Kevin Dean

Kevin Dean is CEO of the Momentum Nonprofit Partners. His previous positions include executive director of Literacy Mid-South, community services director at Volunteer Memphis and director of development at Hope House. He is currently a doctoral student at Vanderbilt University.

Employees with mental health diagnoses are assets, not liabilities

By Published: April 24, 2019 5:02 PM CT

Hi, I'm Kevin Dean. I am the chief executive officer of a nonprofit in Memphis, and I was diagnosed with persistent depressive disorder nearly 20 years ago.

For me, a typical day revolves around a weighty feeling similar to trudging through the mud with no easy escape route. This feeling often forces me to fake my way through entire days of meetings, lunch appointments and conference calls in order to show up the way people need me to show up.

<strong>Kevin Dean</strong>

Kevin Dean

You’re wondering how I can lead at full capacity battling such a persistent mental challenge. Three things: medication, unwavering purpose and a rigorous schedule. How I experience mental health is stabilized by demanding professional obligations: leading an organization, doctoral studies and teaching at a local university.

Leaning on high productivity to cope is very much a shared sentiment as a recent study conducted by Unum revealed that “employment provides five categories of psychological experience that promote well-being: time structure, social contact, collective effort and purpose, social identity and regular activity.” Throughout my professional career, remaining tethered to a strong sense of purpose has allowed me to outperform my diagnosis by remaining in safe, productive and supportive environments, where I can focus on serving others and not my own chemical imbalance. 

Sharing this truth about myself in The Daily Memphian may be deemed brave and/or career-altering, but it shouldn’t be. Public acknowledgement of your mental health state cannot continue to be an anomaly. However, the ingrained stigma surrounding mental illness carries weight in a society that has yet to normalize the conversation.

Depression, anxiety and other forms of mental illness are still characterized as a weakness, and some view diagnosis as a disqualifier for employment, let alone leadership positions. I’ll offer a rebuttal: Productively balancing commitment against mental health struggles pushes me to thrive and conquer beyond a diagnosis. People with mental health diagnoses are not liabilities; they are assets.   

Honestly, mental illness and its correlation to empathetic and proactive leadership have a long, quiet history together. Winston Churchill, for instance, referred to bipolar disorder as his “black dog.” Researchers and psychologists now believe leaders with depression demonstrate deeper empathy, and they often provide a more accurate assessment of problematic circumstances. Referred to by psychologists as “depressive realism,” many leaders with depression lead exceptionally well in times of crisis by better addressing problems through a more practical, realistic lens. Perhaps this is the reason Churchill led Great Britain to success when competent and well-regarded Neville Chamberlain could not.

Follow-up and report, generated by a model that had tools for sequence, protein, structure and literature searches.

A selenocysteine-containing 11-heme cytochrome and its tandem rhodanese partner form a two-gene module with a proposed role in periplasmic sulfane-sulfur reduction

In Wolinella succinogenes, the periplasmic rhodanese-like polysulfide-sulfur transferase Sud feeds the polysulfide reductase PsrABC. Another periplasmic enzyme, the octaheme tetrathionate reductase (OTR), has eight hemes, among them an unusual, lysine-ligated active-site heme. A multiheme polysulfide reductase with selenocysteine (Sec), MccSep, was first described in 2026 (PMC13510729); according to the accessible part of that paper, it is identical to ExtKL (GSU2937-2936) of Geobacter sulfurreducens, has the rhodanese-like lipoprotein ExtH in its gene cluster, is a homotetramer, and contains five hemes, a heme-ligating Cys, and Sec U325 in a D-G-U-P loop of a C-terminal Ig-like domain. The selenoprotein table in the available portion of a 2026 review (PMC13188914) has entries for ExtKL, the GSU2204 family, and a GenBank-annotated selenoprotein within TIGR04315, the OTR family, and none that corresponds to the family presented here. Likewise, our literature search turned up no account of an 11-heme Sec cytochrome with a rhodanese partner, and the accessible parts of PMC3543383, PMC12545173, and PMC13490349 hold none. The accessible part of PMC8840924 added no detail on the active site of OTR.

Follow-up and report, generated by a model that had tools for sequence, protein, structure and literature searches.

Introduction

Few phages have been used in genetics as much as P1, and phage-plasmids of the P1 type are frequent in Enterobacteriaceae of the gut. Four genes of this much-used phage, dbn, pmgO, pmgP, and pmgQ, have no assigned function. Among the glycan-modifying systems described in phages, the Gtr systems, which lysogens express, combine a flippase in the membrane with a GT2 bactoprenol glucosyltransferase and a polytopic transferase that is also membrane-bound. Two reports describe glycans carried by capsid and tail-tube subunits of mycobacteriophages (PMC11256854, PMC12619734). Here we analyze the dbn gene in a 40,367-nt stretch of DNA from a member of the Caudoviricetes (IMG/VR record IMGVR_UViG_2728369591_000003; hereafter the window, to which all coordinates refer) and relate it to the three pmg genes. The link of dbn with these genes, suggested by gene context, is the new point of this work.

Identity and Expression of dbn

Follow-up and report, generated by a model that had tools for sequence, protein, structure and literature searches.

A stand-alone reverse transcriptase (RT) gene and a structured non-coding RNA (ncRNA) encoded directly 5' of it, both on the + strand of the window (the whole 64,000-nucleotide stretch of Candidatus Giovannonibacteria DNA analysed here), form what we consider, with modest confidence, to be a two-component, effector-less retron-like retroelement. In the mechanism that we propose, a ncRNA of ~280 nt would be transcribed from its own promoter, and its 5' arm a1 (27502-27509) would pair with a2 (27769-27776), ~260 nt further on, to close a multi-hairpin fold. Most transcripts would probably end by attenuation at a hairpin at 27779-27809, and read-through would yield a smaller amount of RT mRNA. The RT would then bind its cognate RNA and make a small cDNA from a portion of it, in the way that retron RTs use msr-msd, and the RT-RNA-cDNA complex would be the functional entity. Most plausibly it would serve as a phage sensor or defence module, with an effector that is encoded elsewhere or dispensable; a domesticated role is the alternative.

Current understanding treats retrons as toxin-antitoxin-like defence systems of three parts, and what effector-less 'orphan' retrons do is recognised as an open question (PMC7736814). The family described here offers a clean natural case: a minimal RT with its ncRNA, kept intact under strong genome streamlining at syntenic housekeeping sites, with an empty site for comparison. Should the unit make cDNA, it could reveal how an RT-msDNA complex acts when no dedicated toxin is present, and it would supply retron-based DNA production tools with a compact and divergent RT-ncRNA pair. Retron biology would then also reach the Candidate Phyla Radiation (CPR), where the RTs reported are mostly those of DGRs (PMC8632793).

If you struggle with mental illness, you are not alone. Annually, one in five of us experience one of its many forms. You should know that acknowledging your mental health status is the first step to emerging triumphant and being an instrument of change. As Dr. Martin Luther King Jr. said, “Everybody passionately seeks to be well-adjusted. But there are some things in our world to which men of good will must be maladjusted.”

May is National Mental Health Awareness Month, and employers and their board members should use this as an opportunity to start deeper conversations about employee mental health.

If you’re not ready to have the conversation, consider this. On average, $17 billion in lost productivity happens annually in the U.S. workforce due to unaddressed health concerns, according to results revealed in "An Employer’s Guide to Behavioral Health Services."

Now ask yourself a few more questions: Do your insurance policies contain adequate mental health provisions for staff? Do you offer flexible paid time off for both physical and mental health? Does your executive staff know how to handle and make referrals for mental-health issues that show up in the workplace? Is mental health still stigmatized in your workplace? How do we support those with psychological conditions? What policies are in place to ensure a comfortable, safe environment for all? These are questions we must ask ourselves, starting today.

As a leader, understand your role in normalizing the conversation and engage fellow leaders in the process to create safe and neutral spaces for employees to share their mental health experiences and thrive.

The Daily Memphian welcomes a diverse range of views and invites readers to submit guest columns by contacting Peggy Burch, community engagement editor, at


Mental Health Employment

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